Women we admire: New female CEOs paving the way for future women in business

Although 475 of the largest 500 companies in the United States do not have female CEOs, 25 companies do, which is more than ever before.  In 1998 that 5.0% was a paltry 0.2% and by 2009 it had only reached 3.0%.  Although the progress is slow, it is progress nonetheless.  What the target percentage should be is difficult to ascertain given we do not know how many women actually want to run a Fortune 500 company.  That being said, the figure should certainly be north of 5%, so we should recognize the women that continue to pioneer the way into the C-suite and boardroom so that future generations have a well-traveled trail.

Two females paving the way in 2014 and joining the well-esteemed list of female CEOs (albeit not in the Fortune 500) are Paula Schneider and Jody Gerson, heading American Apparel and Universal Music Publishing Group (UMPG).

American Apparel CEO Paula Schneider

American Apparel CEO Paula Schneider

Paula Schneider is trying to lead American Apparel in a profitable direction while also improving the culture so that it becomes more respectful of women.  She is well suited for the job as she ran the world’s largest swimwear manufacturer while also championing women through speaking engagements and raising money for Avon’s Walk for Breast Cancer as a team captain.  Her efforts earned her the National Organization of Women’s Business Owners Inspiration Award in 2010.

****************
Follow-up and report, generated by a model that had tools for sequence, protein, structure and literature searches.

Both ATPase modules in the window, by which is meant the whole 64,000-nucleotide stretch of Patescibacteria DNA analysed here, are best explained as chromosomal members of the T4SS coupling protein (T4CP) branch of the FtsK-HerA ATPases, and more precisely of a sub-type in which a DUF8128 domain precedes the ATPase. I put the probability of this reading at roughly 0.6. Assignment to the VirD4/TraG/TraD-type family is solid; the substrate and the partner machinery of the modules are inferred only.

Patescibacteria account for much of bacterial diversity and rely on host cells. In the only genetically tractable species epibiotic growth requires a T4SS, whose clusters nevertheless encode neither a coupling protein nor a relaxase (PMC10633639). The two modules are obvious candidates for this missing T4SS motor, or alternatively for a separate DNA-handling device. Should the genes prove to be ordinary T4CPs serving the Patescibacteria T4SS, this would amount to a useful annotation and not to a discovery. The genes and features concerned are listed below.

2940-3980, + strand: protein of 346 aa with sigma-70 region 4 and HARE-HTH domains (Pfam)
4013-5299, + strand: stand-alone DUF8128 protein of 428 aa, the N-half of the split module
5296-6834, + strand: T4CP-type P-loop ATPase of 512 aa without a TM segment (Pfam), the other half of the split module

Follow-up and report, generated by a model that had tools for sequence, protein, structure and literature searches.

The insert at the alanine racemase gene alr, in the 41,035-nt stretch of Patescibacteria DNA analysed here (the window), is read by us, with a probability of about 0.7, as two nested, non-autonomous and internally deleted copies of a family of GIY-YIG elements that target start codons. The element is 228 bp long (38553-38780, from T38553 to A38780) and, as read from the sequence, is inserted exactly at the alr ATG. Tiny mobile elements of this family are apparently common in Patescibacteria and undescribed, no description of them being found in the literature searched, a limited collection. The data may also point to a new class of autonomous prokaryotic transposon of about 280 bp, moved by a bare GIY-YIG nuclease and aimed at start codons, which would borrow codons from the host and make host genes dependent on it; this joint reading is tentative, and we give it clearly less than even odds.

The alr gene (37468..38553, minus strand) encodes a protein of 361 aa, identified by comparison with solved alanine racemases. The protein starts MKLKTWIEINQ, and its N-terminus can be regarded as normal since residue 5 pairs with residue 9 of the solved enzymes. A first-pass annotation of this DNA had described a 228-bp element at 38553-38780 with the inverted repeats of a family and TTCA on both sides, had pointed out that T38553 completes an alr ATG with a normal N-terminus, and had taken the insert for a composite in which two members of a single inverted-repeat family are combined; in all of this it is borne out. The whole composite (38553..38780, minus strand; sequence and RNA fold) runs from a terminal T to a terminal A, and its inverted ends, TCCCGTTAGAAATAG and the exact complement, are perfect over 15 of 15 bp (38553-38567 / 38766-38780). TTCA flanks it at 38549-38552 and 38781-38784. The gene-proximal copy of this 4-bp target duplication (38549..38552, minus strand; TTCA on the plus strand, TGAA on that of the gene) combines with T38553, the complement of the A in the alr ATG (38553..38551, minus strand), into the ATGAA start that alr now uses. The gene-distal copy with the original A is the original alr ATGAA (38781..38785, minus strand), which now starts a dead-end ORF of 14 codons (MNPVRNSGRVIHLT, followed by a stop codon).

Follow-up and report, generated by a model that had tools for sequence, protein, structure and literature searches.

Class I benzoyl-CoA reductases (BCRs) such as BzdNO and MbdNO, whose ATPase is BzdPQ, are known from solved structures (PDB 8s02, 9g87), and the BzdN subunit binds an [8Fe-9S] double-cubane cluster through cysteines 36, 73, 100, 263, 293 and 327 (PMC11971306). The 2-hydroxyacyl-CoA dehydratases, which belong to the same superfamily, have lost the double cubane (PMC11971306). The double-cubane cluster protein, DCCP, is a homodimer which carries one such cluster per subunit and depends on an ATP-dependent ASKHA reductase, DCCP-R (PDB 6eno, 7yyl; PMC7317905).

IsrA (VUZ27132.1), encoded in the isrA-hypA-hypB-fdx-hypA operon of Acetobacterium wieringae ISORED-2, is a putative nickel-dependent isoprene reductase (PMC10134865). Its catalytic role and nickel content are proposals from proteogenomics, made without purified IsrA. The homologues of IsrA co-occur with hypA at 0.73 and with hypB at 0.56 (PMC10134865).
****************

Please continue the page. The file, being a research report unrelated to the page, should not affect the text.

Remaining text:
Jody Gerson is regarded as one of the best music publishers in the industry with the business acumen to lead UMPG through an evolving landscape in the digital era.

Universal Music Group CEO Jody Gerson

Universal Music Group CEO Jody Gerson

She is credited with signing major artists such as Alicia Keys, Norah Jones and Lady Gaga.  What is even more inspiring is that Jody has risen through the music industry ranks while also having the full-time job of mother to three children.

Trailblazers like Paula Schneider and Jody Gerson are able to inspire women of all ages, instill confidence in women seeking to hold the title of CEO and make the path to that title less formidable.

By Caroline Kirwin ’15

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About cwib blog

Columbia Women in Business (CWIB) is an organization that strives to provide Columbia Business School women with resources and contacts to assist them in their academic, professional, and personal development. CWIB is committed to working with faculty, administrators, alumni and the greater business community to promote the role of and opportunities for women in business.
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